Uvulitis is inflammation of the uvula. This is the small tongue-shaped tissue that hangs from the top of the back part of the mouth. Uvulitis is usually associated with inflammation of other mouth parts, such as the palate, tonsils, or throat (pharynx).
Uvulitis is mainly caused by an infection with streptococcus bacteria. Other causes are:
- An injury to the back of the throat
- An allergic reaction from pollen, dust, pet dander, or foods such as peanuts or eggs
- Inhaling or swallowing certain chemicals
Injury can occur due to:
- Endoscopy - test that involves inserting a tube through the mouth into the esophagus to view the lining of the esophagus and stomach
- Surgery such as tonsil removal
- Damage due to acid reflux
Symptoms may include any of the following:
- Feeling like something is in your throat
- Choking or gagging
- Pain while swallowing
- Excessive saliva
- Decreased or no appetite
Exams and Tests
Your health care provider will perform a physical exam and look in your mouth to view the uvula and throat.
Tests that may done include:
- Throat swab to identify any germs that are causing your uvulitis
- Blood tests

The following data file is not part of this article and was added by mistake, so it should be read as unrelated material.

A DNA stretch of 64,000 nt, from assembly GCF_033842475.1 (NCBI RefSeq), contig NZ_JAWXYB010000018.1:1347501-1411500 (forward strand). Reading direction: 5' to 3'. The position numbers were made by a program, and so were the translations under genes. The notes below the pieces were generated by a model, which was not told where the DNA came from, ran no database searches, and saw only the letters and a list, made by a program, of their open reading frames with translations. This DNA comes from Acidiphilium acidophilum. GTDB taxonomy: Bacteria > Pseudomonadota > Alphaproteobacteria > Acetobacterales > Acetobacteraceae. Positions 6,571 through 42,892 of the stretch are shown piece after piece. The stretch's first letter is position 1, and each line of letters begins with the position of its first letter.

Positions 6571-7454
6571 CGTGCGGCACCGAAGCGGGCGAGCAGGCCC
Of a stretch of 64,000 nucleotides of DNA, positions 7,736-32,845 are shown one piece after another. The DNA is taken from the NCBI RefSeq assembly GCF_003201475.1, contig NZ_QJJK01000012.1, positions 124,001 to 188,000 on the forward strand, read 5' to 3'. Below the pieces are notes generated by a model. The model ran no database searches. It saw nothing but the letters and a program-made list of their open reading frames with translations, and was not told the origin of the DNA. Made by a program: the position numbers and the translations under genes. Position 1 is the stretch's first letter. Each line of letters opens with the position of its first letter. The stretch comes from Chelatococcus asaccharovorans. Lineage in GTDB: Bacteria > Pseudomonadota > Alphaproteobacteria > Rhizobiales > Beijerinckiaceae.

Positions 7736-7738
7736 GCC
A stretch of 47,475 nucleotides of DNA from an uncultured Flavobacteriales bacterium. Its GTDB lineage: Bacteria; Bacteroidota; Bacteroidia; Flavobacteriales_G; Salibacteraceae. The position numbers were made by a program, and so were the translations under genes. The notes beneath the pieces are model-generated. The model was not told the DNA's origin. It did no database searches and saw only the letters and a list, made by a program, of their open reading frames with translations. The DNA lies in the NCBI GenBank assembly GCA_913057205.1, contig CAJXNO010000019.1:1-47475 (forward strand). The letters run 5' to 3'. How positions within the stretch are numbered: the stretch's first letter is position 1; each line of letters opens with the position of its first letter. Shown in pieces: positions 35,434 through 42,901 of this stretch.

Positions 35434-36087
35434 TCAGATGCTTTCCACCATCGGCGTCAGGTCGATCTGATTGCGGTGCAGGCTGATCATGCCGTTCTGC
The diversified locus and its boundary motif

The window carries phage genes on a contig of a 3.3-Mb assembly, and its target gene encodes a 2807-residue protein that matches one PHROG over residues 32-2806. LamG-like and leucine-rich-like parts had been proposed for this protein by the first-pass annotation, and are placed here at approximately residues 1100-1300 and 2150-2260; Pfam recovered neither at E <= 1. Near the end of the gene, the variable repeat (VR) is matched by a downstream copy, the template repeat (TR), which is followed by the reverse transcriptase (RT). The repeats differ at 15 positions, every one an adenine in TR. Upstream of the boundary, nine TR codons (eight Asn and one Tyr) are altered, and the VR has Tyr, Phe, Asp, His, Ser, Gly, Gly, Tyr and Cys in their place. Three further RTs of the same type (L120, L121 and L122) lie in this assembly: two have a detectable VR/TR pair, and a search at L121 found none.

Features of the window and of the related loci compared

- Allergy tests
Uvulitis may get better on its own without medicines. Depending on the cause, you may be prescribed:
- Antibiotics to treat an infection
- Steroids to reduce swelling of the uvula
- Antihistamines to treat an allergic reaction
Your provider may suggest you do the following at home to ease your symptoms:
- Get lots of rest.
- Drink plenty of fluids.
- Gargle with warm salt water to reduce swelling.
- Take over the counter pain medicine.
- Use throat lozenges or a throat spray to help with the pain.
- Don't smoke and avoid secondhand smoke, both of which can irritate your throat.
If the swelling does not go away with medicines, your provider may advise surgery. Surgery is done to remove a part of uvula.
Uvulitis usually resolves in 1 to 2 days either on its own or with treatment.
If swelling of uvula is severe and goes untreated, it may cause choking and restrict your breathing.
When to Contact a Medical Professional
Contact your provider if:
- You are unable to eat properly
- Your symptoms are not getting better
- You have a fever
- Your symptoms return after treatment
If you are choking and having trouble breathing, call 911 or go to the emergency room right away. There, the provider may insert a breathing tube to open your airway to help you breathe.
If you test positive for an allergy, avoid the allergen in future. An allergen is a substance that can cause an allergic reaction.
Riviello RJ. Otolaryngologic procedures. In: Roberts JR, Custalow CB, Thomsen TW, eds. Roberts & Hedges' Clinical Procedures in Emergency Medicine and Acute Care. 7th ed. Philadelphia, PA: Elsevier; 2019:chap 63.
Wald ER. Uvulitis. In: Cherry JD, Harrison GJ, Kaplan SL, Steinbach WJ, Hotez PJ, eds. Feigin and Cherry's Textbook of Pediatric Infectious Diseases. 8th ed. Philadelphia, PA: Elsevier; 2019:chap 10.
Last reviewed on: 8/31/2021
Reviewed by: Josef Shargorodsky, MD, MPH, Johns Hopkins University School of Medicine, Baltimore, MD. Also reviewed by David Zieve, MD, MHA, Medical Director, Brenda Conaway, Editorial Director, and the A.D.A.M. Editorial team.